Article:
What are Natural Analogues ?


Traces of the future video

Argumentation by use of analogy is well established in many fields including philosophy, biology, linguistics and law, and most scientists are familiar with this approach and will have used it at some point in their career. For example, in the oil industry, accessible (surface) analogues of the geological conditions expected in physically inaccessible deep oil and gas reservoirs are often studied. Reservoir models of the fields lying deep beneath the North Sea, for example, were built almost exclusively on the results of study of the faulted sandstones of the Sinai Desert and Utah, USA.

For the specific case of radioactive waste disposal, the main inaccessible features are:

  • the very long time it will take for long lived waste to decay to safe levels – how can anyone know how the materials which are used to contain the wastes will behave over thousands to millions of years?
  • the large spatial scales which cannot be directly addressed in a laboratory – how can the migration of radionuclides through several hundred metres of host rock from the repository to the earth’s surface be studied and modelled?
  • the heterogeneity and structural complexity of the geological environment which will host the repository – how can this ever be approached in a laboratory or modelled on a computer?

Hence the study of natural (predominantly geological) systems has been termed natural analogue research within the radioactive waste disposal community and the term “natural analogue” (NA) has developed a particular meaning associated with providing supporting arguments for a repository safety case (see the NA overview folder in the library page). As noted above, the key factors here are the heterogeneity and complexity of natural systems and, in particular, the very large dimensions and long timescales over which safety must be assured.

Due to the long timescales of concern, the basis of most safety cases is a quantitative evaluation that is based on complex mathematical models and their general lack of transparency only adds to the mistrust of many stakeholders. How then can people be convinced that it is possible to assess the performance (and thus ensure the safety) of a repository over the long timescales of interest? One way is to address the robustness of the safety assessment models, by clearly indicating the form and extent of model testing carried out within the repository safety assessment. Not only can this show that the individual component parts of the complex structure which constitutes most safety assessment  models have been checked, but also that the 'mathematical black boxes' constitute an acceptable representation of the repository system.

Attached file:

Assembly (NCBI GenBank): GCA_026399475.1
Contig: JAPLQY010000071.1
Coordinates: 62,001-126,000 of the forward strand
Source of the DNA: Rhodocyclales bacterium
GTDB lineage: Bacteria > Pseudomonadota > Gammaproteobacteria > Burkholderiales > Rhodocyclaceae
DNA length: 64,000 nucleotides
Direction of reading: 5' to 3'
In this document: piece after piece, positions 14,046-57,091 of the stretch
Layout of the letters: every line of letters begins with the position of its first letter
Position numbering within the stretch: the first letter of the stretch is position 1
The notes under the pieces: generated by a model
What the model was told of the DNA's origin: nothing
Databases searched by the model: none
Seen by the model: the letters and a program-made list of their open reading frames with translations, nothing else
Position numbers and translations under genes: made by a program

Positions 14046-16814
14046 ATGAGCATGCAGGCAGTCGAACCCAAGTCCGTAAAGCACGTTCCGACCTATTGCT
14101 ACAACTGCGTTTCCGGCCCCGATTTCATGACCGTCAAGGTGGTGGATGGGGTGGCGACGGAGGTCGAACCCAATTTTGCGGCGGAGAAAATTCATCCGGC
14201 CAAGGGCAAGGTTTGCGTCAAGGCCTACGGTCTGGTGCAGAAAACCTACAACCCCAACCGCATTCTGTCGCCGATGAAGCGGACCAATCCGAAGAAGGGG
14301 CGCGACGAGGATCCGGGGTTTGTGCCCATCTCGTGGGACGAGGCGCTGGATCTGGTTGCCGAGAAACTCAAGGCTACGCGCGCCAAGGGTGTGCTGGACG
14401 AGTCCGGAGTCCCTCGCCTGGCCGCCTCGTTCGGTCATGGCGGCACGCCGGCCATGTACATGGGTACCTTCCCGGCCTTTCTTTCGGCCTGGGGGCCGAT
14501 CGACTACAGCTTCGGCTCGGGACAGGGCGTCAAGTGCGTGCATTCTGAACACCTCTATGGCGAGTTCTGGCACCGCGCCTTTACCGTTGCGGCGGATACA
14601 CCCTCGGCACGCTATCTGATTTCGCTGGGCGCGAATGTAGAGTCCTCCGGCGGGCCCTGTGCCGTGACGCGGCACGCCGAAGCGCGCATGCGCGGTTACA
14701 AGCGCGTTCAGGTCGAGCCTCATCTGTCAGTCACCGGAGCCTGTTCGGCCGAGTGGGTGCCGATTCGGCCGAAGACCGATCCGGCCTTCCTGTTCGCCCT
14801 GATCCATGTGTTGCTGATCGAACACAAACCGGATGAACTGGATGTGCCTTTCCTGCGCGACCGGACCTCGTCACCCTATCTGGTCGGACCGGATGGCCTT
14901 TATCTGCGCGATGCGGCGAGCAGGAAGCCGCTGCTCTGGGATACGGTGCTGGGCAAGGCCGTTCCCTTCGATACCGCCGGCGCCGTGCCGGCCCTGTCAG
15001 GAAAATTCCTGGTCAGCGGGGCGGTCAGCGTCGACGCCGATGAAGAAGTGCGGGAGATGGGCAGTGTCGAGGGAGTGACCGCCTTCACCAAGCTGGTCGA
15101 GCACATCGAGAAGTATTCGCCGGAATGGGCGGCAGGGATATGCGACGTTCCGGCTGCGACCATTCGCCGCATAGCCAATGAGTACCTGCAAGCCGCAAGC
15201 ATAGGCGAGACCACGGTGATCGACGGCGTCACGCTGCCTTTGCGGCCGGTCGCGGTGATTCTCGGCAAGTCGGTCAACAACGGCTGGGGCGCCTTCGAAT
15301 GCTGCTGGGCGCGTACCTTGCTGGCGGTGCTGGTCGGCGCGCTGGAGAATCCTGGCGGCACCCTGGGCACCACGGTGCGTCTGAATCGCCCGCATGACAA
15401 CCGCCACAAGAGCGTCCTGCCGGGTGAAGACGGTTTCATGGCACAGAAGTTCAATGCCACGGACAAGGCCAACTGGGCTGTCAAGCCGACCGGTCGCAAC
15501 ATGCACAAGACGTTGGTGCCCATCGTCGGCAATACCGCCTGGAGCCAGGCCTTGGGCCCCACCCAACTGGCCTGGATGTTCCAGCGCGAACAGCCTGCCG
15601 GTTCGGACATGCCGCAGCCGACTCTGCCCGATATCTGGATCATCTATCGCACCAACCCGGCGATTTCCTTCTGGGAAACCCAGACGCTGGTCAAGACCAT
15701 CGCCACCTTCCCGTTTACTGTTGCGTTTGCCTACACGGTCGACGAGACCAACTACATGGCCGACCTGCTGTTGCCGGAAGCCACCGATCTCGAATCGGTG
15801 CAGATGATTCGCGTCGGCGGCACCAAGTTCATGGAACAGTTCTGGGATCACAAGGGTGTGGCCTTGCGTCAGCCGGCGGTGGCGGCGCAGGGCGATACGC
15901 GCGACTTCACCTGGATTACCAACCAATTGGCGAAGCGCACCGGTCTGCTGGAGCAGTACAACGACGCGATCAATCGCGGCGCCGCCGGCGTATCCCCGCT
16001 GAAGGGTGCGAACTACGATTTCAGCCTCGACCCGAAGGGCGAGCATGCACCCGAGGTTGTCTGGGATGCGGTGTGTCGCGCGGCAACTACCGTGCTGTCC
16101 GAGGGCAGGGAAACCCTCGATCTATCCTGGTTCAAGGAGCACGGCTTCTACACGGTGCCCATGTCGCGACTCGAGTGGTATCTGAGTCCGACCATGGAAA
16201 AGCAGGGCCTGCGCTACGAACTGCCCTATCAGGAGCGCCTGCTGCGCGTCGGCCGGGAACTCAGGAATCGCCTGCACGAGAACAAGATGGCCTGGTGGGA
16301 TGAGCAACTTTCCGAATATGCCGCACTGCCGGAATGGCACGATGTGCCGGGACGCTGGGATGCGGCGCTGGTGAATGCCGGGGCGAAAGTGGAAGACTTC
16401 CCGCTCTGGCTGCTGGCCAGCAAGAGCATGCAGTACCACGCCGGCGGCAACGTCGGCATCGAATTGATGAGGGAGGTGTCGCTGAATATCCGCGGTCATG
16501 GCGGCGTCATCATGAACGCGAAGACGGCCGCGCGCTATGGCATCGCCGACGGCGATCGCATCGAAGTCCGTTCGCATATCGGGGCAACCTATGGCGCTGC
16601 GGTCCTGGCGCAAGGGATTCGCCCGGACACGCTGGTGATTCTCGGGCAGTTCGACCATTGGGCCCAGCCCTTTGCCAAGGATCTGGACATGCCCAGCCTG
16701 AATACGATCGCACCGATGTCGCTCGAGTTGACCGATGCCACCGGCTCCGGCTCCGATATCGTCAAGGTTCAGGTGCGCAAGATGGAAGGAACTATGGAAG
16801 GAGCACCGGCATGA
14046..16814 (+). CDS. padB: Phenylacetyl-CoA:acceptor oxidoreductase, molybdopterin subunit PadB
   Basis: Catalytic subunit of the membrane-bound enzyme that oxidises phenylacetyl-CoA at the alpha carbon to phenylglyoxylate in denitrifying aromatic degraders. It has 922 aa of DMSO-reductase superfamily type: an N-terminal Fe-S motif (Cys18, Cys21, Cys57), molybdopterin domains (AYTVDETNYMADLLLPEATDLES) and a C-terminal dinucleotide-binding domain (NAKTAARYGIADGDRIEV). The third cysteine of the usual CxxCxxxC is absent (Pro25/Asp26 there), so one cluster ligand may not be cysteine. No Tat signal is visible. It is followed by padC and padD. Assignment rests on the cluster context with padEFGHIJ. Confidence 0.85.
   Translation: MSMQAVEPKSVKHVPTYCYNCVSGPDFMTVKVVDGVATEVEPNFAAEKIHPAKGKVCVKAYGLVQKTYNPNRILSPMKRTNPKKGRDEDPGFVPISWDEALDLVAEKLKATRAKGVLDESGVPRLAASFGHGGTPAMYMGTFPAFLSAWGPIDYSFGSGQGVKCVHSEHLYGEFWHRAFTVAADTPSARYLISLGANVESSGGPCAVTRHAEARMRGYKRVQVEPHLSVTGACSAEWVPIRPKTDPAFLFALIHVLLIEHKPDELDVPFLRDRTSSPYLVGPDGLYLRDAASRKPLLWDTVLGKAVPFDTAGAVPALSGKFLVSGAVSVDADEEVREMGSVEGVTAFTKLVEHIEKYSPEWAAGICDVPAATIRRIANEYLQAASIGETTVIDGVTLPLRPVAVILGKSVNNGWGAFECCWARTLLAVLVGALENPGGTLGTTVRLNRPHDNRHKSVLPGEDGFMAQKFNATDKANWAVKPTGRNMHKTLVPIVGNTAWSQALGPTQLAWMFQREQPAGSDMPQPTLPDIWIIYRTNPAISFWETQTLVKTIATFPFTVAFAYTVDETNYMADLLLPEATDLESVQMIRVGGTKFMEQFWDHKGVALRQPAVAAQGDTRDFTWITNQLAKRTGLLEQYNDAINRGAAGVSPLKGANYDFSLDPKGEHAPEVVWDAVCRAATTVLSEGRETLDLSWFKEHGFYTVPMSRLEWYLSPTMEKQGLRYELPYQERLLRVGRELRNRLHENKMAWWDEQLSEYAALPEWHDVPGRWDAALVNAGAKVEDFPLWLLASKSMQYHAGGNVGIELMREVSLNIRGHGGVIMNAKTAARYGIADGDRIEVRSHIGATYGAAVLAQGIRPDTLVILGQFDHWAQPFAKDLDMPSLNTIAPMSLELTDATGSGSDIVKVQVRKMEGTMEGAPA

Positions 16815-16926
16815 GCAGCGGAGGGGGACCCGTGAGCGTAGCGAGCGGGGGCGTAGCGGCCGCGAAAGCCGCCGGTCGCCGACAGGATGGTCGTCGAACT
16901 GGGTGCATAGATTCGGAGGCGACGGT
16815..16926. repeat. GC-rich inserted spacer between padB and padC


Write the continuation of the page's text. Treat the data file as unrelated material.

Part of the problem undoubtedly lies in the unusual nature of radioactive waste disposal: in most major engineering projects, such as bridge construction or aerospace engineering, the designs are tested against a range of laboratory experiments backed up by expert judgement based on experience with the same or similar systems. Here repository design deviates from standard engineering practice in that only a few repositories currently exist and testing their compliance to design limits will be impossible due to the timescales involved. In addition, peoples’ anxiety about most things radioactive means that they require some greater form of 'proof' that a repository is safe than they are willing to accept for other engineered systems. This being the case, significant additional effort has been expended within the radioactive waste disposal community to make it clear that the safety assessment models can adequately predict the long-term behaviour of a repository.


What are natural analogues (NA)?

Traditionally, safety assessment  modellers have placed much weight on laboratory data for the construction and testing of their safety assessment models and, with only a few exceptions, have not integrated in their safety assessments data from either NAs or in situ experiments in URLs (Underground Rock Laboratories). The over-dependence on laboratory data is understandable in that the information is produced under well understood, fully controlled conditions and thus the modellers feel they can place a high degree of confidence in the results obtained.

Unfortunately, the full complexity of a repository cannot be re-created in a laboratory and it is necessary to address processes which are influenced by natural heterogeneities, which include large degrees of uncertainty and which operate over very long timescales. In this case, it is necessary to supplement laboratory data with information from in situ URL experiments and NAs.

The potential evolution of geological repositories can be simulated by the use of mathematical models, but the extent to which such models can be validated by conventional approaches is inherently limited. Here natural (along with archaeological and anthropogenic) analogues – systems which have similar properties to components of repositories – have an unique role to play. Arguably, the extent to which natural system evolution in the past can be understood and modelled with existing tools and data, also gives an indication of the ability to determine the future development of a repository.